Collecting the Great Outdoors
by Maxine Carter-Lome
Anyone who has ever gone camping or camps regularly knows that being in the “Great Outdoors” requires a lot of “stuff” – from the basics such as tents, bug repellent, and sleeping bags to, for the less adventurous, all the other comforts of home that can be transported and carried. Today, what used to be known as “autogypsying” in the early 1900s is now referred to as “glamping.” Google the word and you will find it loosely defined at the crossroads of experiential travel and modern luxury. Glamping leaves camping in the dust, along with a trail of collectible items that while still useful have been discarded in favor of a new generation of more user-friendly, technologically-advanced and comfort-focused alternatives.
Most of us had our first camping experience when we were young and in camp or the Scouts. My husband, who made it all the way to Eagle Scout, credits his handiness-from building a fire to tying a knot-to his years as a Boy Scout. He, like generations of young men in this country, wore their uniforms and merit badges with pride, and lived by the tenets of the Scout Handbook. Twenty-eighteen is an important year for the Boy Scouts of America (BSA) as this 118-year old institution opens a new museum in New Mexico dedicated to its history, and simultaneously moves forward as a more inclusive organization, open in 2019 to both boys and girls, and to be renamed Scouts BSA. We learn more about the Boy Scouts of America, the new museum, and its collection of scouting memorabilia dating back to its origins and founding fathers in my interview with Museum Director David Werhane for this month’s Great Collections column.
The Great Outdoors is a topic that covers a broad array of collectibles – some that might come readily to mind, others not so much such as animal traps. Traps are devices used to remotely catch an animal. Animals may be trapped for a variety of purposes, including food, the fur trade, hunting, pest control, and wildlife management. In the 18th century blacksmiths manually built leg hold traps but by the mid-19th century traps were being manufactured by such companies as the Oneida Community – a company and brand more readily associated today with flatware but in the 19th century, a Goliath in trap manufacturing. You can learn more about the history of trap manufacturing and the collectability of traps in an article written by Scot Dahms on behalf of the North American Trap Collectors Association (NATCA).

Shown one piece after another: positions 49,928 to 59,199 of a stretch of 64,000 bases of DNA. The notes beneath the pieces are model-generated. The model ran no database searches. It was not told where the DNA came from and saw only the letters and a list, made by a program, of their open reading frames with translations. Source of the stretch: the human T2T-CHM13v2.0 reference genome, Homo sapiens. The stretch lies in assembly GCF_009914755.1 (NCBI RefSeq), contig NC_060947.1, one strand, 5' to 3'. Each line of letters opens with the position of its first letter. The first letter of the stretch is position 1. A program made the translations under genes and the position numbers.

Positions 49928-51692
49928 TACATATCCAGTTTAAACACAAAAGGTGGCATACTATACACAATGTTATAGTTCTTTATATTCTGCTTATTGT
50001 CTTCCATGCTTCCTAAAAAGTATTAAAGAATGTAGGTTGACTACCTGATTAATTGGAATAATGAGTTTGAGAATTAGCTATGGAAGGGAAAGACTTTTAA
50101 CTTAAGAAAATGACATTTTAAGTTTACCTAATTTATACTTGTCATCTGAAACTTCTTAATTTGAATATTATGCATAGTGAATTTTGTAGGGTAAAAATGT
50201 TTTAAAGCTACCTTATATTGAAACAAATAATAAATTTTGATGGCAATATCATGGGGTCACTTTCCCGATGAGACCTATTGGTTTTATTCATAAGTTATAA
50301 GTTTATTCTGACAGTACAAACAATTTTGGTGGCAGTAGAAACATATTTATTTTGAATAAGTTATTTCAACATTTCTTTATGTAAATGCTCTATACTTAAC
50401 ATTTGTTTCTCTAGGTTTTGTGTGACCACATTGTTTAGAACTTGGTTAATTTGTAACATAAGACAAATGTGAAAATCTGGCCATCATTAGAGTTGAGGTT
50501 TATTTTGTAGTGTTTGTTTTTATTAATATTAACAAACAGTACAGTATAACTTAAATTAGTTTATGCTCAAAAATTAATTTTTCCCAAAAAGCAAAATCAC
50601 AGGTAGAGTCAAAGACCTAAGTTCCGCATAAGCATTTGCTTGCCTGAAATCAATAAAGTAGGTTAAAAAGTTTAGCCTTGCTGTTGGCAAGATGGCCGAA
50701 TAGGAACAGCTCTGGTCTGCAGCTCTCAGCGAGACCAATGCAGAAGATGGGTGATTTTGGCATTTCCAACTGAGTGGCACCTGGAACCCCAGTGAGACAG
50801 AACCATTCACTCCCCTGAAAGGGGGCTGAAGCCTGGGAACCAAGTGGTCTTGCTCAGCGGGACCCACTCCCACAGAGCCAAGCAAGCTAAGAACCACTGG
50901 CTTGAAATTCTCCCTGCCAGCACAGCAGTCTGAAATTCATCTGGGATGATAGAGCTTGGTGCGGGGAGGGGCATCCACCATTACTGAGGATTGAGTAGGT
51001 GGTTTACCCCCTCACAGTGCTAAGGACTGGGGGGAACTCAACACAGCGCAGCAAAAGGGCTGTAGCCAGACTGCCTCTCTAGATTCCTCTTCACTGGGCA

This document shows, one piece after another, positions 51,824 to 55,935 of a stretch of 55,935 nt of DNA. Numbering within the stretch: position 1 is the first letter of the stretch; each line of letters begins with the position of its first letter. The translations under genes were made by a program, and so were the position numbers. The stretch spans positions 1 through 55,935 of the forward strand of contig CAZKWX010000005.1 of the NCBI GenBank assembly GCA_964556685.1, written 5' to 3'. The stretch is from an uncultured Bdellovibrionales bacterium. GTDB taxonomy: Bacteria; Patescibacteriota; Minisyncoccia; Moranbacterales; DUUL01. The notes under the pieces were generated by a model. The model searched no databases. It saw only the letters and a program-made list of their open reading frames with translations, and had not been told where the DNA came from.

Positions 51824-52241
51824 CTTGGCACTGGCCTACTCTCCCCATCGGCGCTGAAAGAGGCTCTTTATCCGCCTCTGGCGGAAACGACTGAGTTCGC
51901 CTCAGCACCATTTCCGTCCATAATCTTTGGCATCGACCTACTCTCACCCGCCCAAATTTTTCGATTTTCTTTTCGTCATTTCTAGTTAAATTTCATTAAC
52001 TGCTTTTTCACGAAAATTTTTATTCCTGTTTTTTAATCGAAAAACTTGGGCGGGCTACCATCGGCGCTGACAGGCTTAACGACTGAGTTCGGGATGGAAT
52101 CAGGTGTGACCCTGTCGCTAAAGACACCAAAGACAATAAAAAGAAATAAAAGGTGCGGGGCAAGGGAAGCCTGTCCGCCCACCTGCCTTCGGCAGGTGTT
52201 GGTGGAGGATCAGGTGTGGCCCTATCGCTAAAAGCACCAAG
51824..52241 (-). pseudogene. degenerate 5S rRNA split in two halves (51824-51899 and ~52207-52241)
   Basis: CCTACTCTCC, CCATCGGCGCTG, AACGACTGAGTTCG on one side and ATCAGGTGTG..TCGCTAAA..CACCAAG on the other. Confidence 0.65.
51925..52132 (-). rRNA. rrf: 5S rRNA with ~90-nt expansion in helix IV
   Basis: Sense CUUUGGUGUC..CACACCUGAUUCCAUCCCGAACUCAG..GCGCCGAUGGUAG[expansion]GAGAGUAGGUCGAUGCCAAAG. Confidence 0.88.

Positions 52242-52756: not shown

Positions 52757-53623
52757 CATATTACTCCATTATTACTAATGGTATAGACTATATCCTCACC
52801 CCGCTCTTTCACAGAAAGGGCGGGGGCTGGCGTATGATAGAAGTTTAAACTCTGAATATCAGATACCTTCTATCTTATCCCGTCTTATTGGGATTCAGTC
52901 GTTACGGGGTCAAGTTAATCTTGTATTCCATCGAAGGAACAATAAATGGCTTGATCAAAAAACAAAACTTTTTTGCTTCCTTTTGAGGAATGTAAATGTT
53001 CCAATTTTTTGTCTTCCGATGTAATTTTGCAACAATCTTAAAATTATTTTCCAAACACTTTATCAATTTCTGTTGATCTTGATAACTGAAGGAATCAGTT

When it comes to the Great Outdoors, fishing remains one of the most popular forms of outdoor recreational activities. More than 45 million Americans take at least one fishing trip a year; only exceeded by running and biking activities. America’s love for fishing is also reflected in the tackle box of collectibles that make up this segment of the collectibles market. In this issue we collaborated with Hunting & Fishing Collecting Magazine to bring you an interesting and comprehensive look at fishing lures, and why this creative and practical implement is now being viewed as American folk art and commanding big bucks at auction.
For over a century when the sun went down, Coleman lanterns lit up the Great Outdoors. A household name in gas lighting, heating, and cooking in the second half of the 19th century, Coleman shifted its business focus in the first decades of the 20th century to capitalize on a growing “autocamping” movement that had Americans excited to travel the roads and experience the Great Outdoors. For this market, the company focused on high quality portable camping stoves and lanterns that today form a bond among collectors of Coleman branded outdoor products.
While some live to experience the Great Outdoors, others look to capture its beauty and realism through an artistic lens. One such artist is Philip R. Goodwin, whose work illustrated what would become one of the most iconic books about the wilderness: Jack London’s The Call of the Wild, among other notable books and magazines of the first half of the 20th century. Dubbed “the most famous western illustrator no one ever heard of,” Goodwin’s illustrations were reproduced on calendars, in advertisements, on the pages of many popular magazines, and tied to such iconic names as Winchester, Remington, and Marlin. His work has been seen by millions and today is highly collectible, often exceeding auction estimates.
Whether you enjoy being in the Great Outdoors or just hunting for the collectible remnants of outdoor hobbies and sports, we think you will find this issue of interest.
Collecting the Great Outdoors